DSL and Metaprogramming Resources
Tuesday, December 21, 2004
I've been discussing Domain-Specific Languages and metaprogramming recently (see here and here) and why Lisp has special strengths in this area. A couple of people have asked me for some links to additional material on why DSL's are a "good thing" and how to create them. One good resource is "Domain-Specific Languages: An Annotated Bibliography". Although it is not specific to Lisp, it is still a good resource for information and papers on DSL's. The abstract on the page says:
"We survey the literature available on the topic of domain-specific languages as used for the construction and maintenance of software systems. We list a selection of 75 key publications in the area, and provide a summary for each of the papers. Moreover, we discuss terminology, risks and benefits, example domain-specific languages, design methodologies, and implementation techniques."There is also a paper on "Notable Design Patterns for Domain-Specific Languages" that outlines different approaches to DSL's using a pattern approach.
For people looking for good Lisp examples in a book format, the classics are still the best:
- Structure and Interpretation of Computer Programs (SICP) by Abelson/Sussman
- Paradigms of Artificial Intelligence Programming: Case Studies in Common Lisp (PAIP) by Peter Norvig
Lastly (and to make sure I end on a Lisp note), I recently came across a good quote in the conclusion of the paper by Abelson and Sussman, "Lisp: A Language for Stratified Design", that nicely summarizes why Lisp is so well suited for metaprogramming and DSL's:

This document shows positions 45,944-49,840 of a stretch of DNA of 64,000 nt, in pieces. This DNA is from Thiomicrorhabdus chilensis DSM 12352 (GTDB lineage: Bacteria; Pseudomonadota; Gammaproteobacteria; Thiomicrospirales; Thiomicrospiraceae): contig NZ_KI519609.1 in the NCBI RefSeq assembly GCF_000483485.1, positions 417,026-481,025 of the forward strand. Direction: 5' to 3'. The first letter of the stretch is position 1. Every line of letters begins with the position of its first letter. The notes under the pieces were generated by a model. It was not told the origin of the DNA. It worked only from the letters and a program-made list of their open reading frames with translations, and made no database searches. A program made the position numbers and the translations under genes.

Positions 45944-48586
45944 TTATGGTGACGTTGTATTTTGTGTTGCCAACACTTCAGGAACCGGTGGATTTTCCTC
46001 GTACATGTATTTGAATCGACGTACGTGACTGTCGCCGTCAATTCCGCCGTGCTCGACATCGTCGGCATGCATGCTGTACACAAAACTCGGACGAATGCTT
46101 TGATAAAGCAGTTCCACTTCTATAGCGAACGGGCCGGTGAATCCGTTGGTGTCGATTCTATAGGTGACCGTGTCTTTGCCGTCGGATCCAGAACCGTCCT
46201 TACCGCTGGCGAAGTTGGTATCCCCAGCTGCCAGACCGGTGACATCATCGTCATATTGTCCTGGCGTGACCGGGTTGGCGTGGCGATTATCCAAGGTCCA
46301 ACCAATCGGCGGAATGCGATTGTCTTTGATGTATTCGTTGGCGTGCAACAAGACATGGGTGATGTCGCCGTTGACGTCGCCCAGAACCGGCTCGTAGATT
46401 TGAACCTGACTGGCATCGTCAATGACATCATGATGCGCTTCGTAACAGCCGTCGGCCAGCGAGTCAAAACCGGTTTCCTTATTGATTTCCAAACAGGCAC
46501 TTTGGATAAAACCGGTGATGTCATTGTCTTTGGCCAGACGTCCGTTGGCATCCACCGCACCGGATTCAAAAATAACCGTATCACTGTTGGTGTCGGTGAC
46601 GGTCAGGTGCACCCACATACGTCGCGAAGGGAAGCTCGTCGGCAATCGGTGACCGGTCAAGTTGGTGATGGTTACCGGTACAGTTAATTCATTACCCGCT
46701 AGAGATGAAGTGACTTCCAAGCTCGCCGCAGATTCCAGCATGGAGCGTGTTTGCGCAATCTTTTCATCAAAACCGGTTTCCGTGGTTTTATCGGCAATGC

"People who first learn about Lisp often want to know for what particular programming problems Lisp is 'the right language.' The truth is that Lisp is not the right language for any particular problem. Rather, Lisp encourages one to attack a new problem by implementing new languages tailored to that problem. Such a language might embody an alternative computational paradigm, as in the rule language. Or it might be a collection of procedures that implement new primitives, means of combination, and means of abstraction embedded within Lisp, as in the Henderson drawing language. A linguistic approach to design is an essential aspect not only of programming but of engineering design in general. Perhaps that is why Lisp, although the second-oldest computer language in widespread use today (only FORTRAN is older), still seems new and adaptable, and continues to accommodate current ideas about programming methodolgoy."Or (to put it more succinctly), there's also the quote by Guy Steel that I referenced in my post "Common Lisp is the Borg of programming languages":
"If you give someone Fortran, he has Fortran. If you give someone Lisp, he has any language he pleases."